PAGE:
President Donald Trump signed a proclamation Wednesday that bars the entry of certain immigrants hoping to move to the United States on a permanent basis.
He told reporters the two-month suspension would “ensure that unemployed Americans of all backgrounds will be first in line for jobs as our economy reopens.”
But the nonpartisan Migration Policy Institute said that 80 percent of the people affected by the ban would be coming to join family members in the United States and only 7 percent would be people who may be coming to take new jobs.
Trump announced the latest ban in a late-night tweet Monday, saying that it would “suspend immigration,” but providing few details of what the order might entail and whom exactly it may affect. The actual order turned out much narrower, applying only to certain categories of people hoping to move to the United States to join families or take up job offers. However, it may still affect tens of thousands of people and hits at the core of the American immigration system, which centers around family reunification.
The order suspends, for at least 60 days, the entry of people who are currently abroad and do not already have an immigrant visa or another type of travel authorization to move permanently to the United States. It does not apply to people who are already in the United States or who are transitioning their immigration status to that of a permanent resident.
Even among immigrant applicants abroad, the order carves out several key exemptions. It does not apply to people who already have green cards or to spouses and children of U.S. citizens. Parents of U.S. citizens, however, are not mentioned in the list of exemptions.
It also excludes people who intend to move to the country to work in U.S. law enforcement, the armed forces, or in health care or other professions deemed “essential” during the pandemic, along with their immediate family members in some cases.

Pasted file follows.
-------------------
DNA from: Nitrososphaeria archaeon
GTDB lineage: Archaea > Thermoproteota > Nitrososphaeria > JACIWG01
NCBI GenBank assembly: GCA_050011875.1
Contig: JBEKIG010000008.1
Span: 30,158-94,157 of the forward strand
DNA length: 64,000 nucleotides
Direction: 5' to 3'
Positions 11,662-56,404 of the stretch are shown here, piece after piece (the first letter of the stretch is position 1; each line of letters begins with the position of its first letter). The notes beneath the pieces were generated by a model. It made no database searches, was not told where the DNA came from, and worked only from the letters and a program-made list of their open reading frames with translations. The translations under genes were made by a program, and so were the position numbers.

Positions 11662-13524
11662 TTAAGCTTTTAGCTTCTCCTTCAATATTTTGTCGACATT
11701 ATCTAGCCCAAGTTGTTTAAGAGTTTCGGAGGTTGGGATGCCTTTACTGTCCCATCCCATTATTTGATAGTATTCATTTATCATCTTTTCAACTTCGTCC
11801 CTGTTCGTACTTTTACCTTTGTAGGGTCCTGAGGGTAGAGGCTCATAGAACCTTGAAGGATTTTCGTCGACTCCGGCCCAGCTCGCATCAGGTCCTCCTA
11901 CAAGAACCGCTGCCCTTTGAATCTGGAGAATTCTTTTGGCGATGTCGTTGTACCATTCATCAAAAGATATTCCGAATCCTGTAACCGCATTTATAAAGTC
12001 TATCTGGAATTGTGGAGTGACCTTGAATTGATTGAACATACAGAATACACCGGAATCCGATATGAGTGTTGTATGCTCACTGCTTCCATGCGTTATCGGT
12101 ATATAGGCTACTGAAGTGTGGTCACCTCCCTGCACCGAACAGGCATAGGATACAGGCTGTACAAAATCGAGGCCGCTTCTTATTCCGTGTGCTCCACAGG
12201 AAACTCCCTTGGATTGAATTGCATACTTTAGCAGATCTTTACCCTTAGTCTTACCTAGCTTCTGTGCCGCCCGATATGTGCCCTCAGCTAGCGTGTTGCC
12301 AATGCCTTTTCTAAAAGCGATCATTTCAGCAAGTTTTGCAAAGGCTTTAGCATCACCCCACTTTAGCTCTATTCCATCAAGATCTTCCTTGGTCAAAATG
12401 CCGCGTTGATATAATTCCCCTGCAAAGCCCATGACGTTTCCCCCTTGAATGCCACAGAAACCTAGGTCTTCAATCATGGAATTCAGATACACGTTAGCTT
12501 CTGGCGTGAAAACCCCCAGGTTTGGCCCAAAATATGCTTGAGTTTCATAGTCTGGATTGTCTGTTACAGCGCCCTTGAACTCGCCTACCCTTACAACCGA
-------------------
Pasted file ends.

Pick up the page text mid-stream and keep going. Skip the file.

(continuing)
The order also does not bar wealthy investors who come through the EB-5 investor visa program and beneficiaries of the Special Immigrant Visa. The latter allows people in special circumstances, such Afghan and Iraqi nationals who may have helped the U.S. government and armed forces in some capacity, to come and settle in the United States.
Julia Gelatt, senior policy analyst at MPI, estimated that the order could affect 52,000 people over the 60-day period under normal processing circumstances. Foreign office closures and interview suspensions due to the pandemic have already slowed down processing.
If the order is allowed to stand further — say, for a year — it could block an estimated 358,000 people, reducing immigration by 33 percent, according to an analysis by Boundless Immigration, a technology company that helps immigrants obtain green cards and citizenship.
“If this policy is in effect for a period of years, then it is certain to favor immigrants from Western Europe relative to other regions of the world, since they are more likely to be exempt,” according to the analysis. The organization’s co-founder, Doug Rand, was an assistant director for entrepreneurship in the Obama administration’s Office of Science and Technology Policy.
Trump’s tweet on Monday initially raised concern that his order might also target certain temporary workers who come on “nonimmigrant visas,” such as health care workers, tech employees and agricultural workers. While this order doesn’t do that, it directs administration officials to “review nonimmigrant programs” and recommend “other measures appropriate to stimulate the United States economy and ensure the prioritization, hiring, and employment of United States workers.”
Immigration advocates reacted strongly to the release of the order.
“The rhetoric accompanying this new order is right out of a demagogue’s playbook — blaming immigrants for an economic depression caused by a pandemic and the US’s deadly mishandling of its response,” tweeted Charanya Krishnaswami, advocacy director for the Americas at Amnesty International USA. “We are all less safe because of it.”